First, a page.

Cold sweats. Trembling hands. Dry mouth. Shifty eyes.
This will describe me for the next three days. Sure, there will be baseball being played, but it's not "real" baseball. Bud will tell you it counts, but we know the truth. No matter how many runs Mike Trout drives in, the Angels will get no closer to first place. While some of the Halos Heaven crew are in glamorous Las Vegas, the rest of us broke (me) or busy (everyone else) contributors will be here looking for relevant news to hopefully satisfy your Angel needs. Here's the my first contribution towards your recovery, a dose of Halolinks:
- Would it be a good thing for us fans if Mike Trout were to become "the face of baseball"? Mike Trout humbled to share All-Star stage with Jeter - angels.com. ""Just to be part of the same lineup and same clubhouse as him is going to be special for me," Trout said. "It's going to be something to remember, to be a part of it and experience it firsthand." That's because Trout, like most big leaguers, maintains unqualified admiration for Jeter. Like Jeter, Trout played shortstop and wore No. 2 at Millville (N.J.) Senior High School and didn't switch to outfield until his senior year. Trout was primarily a Phillies fan, "but I liked the way Jeter played," he said. "The way he carries himself on the field, he's a true professional."
- Mike Scioscia probably just earned he's week's pay: Mike Trout of Los Angeles Angels explains why he's not in Home Run Derby - ESPN Los Angeles. "Trout said the Angels' manager "was leaning toward me not to do it." He said Scioscia's biggest concern was "the full-out swings you take over a period of time, and just the wear and tear on your body." Trout was careful to point out that no one ever ordered him not to take part or pressured him not to take part, and he said that while he listened to Scioscia's opinion, "other that that, it's my choice."
- Once the All-Star game is over, and everyone is back from their mid-season vacation, trade rumors will be all the rage. The ragiest for the Angels will be Huston Street: Angels one team eying Huston Street; Pirates, others in early mix - CBSSports.com. "The Angels are surveying both the starting pitching and relief markets, and Street may be the best fit in a still-developing landscape. There is less likelihood the Padres trade starter Ian Kennedy, who has interested the Angels for a couple of years, and while the Angels would love the idea of Rays ace David Price, they also probably understand there isn't a likely matchup in terms of prospects with which to entice Tampa Bay."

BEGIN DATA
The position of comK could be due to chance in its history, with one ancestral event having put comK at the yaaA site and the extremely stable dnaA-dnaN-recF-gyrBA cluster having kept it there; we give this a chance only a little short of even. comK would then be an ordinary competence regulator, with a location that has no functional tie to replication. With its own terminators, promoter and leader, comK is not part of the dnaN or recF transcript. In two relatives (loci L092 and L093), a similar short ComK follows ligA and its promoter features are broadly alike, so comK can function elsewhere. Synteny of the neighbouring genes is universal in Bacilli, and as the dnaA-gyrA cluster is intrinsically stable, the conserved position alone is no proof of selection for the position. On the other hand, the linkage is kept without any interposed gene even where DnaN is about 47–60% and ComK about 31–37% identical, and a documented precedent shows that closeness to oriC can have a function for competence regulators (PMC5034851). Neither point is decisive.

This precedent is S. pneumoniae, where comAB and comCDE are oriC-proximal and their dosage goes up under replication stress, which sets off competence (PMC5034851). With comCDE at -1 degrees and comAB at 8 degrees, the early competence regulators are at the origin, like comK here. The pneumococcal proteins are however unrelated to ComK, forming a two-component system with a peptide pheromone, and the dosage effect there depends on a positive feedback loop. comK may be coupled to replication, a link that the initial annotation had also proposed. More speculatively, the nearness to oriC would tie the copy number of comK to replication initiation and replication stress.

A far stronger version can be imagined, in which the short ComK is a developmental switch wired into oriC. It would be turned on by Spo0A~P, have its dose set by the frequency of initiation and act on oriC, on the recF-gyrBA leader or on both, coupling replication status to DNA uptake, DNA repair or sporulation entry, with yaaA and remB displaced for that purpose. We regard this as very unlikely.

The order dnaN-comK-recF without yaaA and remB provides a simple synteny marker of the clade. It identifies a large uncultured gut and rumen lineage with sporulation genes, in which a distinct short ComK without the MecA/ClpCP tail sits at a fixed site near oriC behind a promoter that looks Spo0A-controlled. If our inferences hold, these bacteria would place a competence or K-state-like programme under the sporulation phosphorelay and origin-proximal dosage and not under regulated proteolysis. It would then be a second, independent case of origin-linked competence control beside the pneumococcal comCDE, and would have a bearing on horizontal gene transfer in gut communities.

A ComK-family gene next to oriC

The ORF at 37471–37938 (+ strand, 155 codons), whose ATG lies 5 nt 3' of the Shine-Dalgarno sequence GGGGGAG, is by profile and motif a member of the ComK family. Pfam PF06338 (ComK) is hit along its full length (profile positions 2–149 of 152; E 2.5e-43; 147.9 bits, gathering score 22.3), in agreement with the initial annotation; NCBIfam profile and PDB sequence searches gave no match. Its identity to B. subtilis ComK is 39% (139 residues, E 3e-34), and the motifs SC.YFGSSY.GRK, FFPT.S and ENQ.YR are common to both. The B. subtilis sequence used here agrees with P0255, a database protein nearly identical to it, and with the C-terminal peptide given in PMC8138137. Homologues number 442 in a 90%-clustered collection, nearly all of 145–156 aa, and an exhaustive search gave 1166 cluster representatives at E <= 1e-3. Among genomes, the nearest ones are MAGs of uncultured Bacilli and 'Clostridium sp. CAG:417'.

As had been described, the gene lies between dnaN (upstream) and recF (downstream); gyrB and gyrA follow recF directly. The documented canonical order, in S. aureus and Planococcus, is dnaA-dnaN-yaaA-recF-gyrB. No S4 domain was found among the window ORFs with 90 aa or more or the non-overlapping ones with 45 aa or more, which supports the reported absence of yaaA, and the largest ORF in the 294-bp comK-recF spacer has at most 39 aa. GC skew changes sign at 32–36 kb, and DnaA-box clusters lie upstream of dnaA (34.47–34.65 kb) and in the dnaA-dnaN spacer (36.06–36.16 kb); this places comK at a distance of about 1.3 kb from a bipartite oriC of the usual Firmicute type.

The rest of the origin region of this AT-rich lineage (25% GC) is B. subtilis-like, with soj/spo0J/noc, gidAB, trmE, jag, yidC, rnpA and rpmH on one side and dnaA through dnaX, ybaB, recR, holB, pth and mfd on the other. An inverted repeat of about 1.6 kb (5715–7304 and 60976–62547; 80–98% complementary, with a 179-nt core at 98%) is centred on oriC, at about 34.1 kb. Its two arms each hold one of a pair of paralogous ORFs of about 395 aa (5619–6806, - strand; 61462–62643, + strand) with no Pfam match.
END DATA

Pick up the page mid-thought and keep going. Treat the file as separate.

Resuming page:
I think he'll be an Angel within the next week. This is purely speculation on my part, but it make too much sense:
- Who's in favor of a Bartolo Colon encore? New York Mets make Bartolo Colon available in trade talks - ESPN New York. "Colon, 41, has performed well in his first season with the Mets, producing an 8-8 record and a 3.99 ERA in 18 starts, and may be ideal for a contender looking for a sturdy middle-of-the-rotation arm."
- Oh yeah, big whoop: Yoenis Cespedes wins Home Run Derby for the second straight year - Yahoo Sports. "The Oakland A's star won the competition for the second straight year on Monday night, hitting 30 total home runs and besting Todd Frazier of the Cincinnati Reds in the final, 9-1. Cespedes is the first back-to-back winner since Ken Griffey Jr. in 1998-99 and only the third two-time winner overall (Prince Fielder also won the event in 2009 and 2012)."
- Although this is pretty freakin' awesome: Giancarlo Stanton Nearly Hit One Out Of The Stadium. "All the talk heading into the Home Run Derby was about Giancarlo Stanton, and his first-round performance not disappoint. He hit a couple of monster shots, but this one was an absolute bomb. It was maybe 5 rows from leaving the stadium in left field. ESPN's Home Run Tracker had it at 422 feet but it was easily 756 feet. Maybe 928 feet."
- And so is this: Minnesota dad makes two great grabs for family during Home Run Derby - Yahoo Sports. "Yes, Adam Koering was living the dream at Target Field with his three children on Monday night. After buying four tickets in Section 229 from a friend, the Eden Prairie, Minn., resident caught two homers in the first round. The first came off the bat of Brian Dozier of the Minnesota Twins. "We caught the first one and I said to the kids 'That's pretty good, we can probably go home now," an excited Koering said between batters. "But then the second one came."
- Check it out, who needs to be in Vegas to turn $2 into $350? FanDuel paid off:
- Jeff Sullivan at his best: The Season’s Strike-iest Called Balls, So Far - FanGraphs Baseball. "I’m not here to umpire-shame. I just want to show off some called balls on pitches thrown basically down the heart of the strike zone, because it’s a fun thing to look at while baseball takes a little vacation."
- Here's a time filler: True Value: A Journey Through a Box of Baseball Cards (Part 2) – The Hardball Times. "I had retrieved the box from a boyhood closet, where cards by the thousands had languished for consecutive decades. Now it sat like a treasure chest in the middle of a hardwood floor. Midway through the collection, and still eager to find the older and more valuable cards that I presumed were at the bottom of the box, I began to organize the cards in categories – not in objective categories such as Hall of Famers and All-Stars, but categories I created."
- And for those of you missing some numbers; JAVIER: Introducing a prospect evaluation system for hitters - Beyond the Box Score. "And z-scores are what this is built on. I find the zBB%, zK%, and zISO for each season from each minor league hitter since 1978, then find comparable seasons from each of these. The averages in the z calculations are based on the league as well as the level. This helps with the run environment problems mentioned earlier."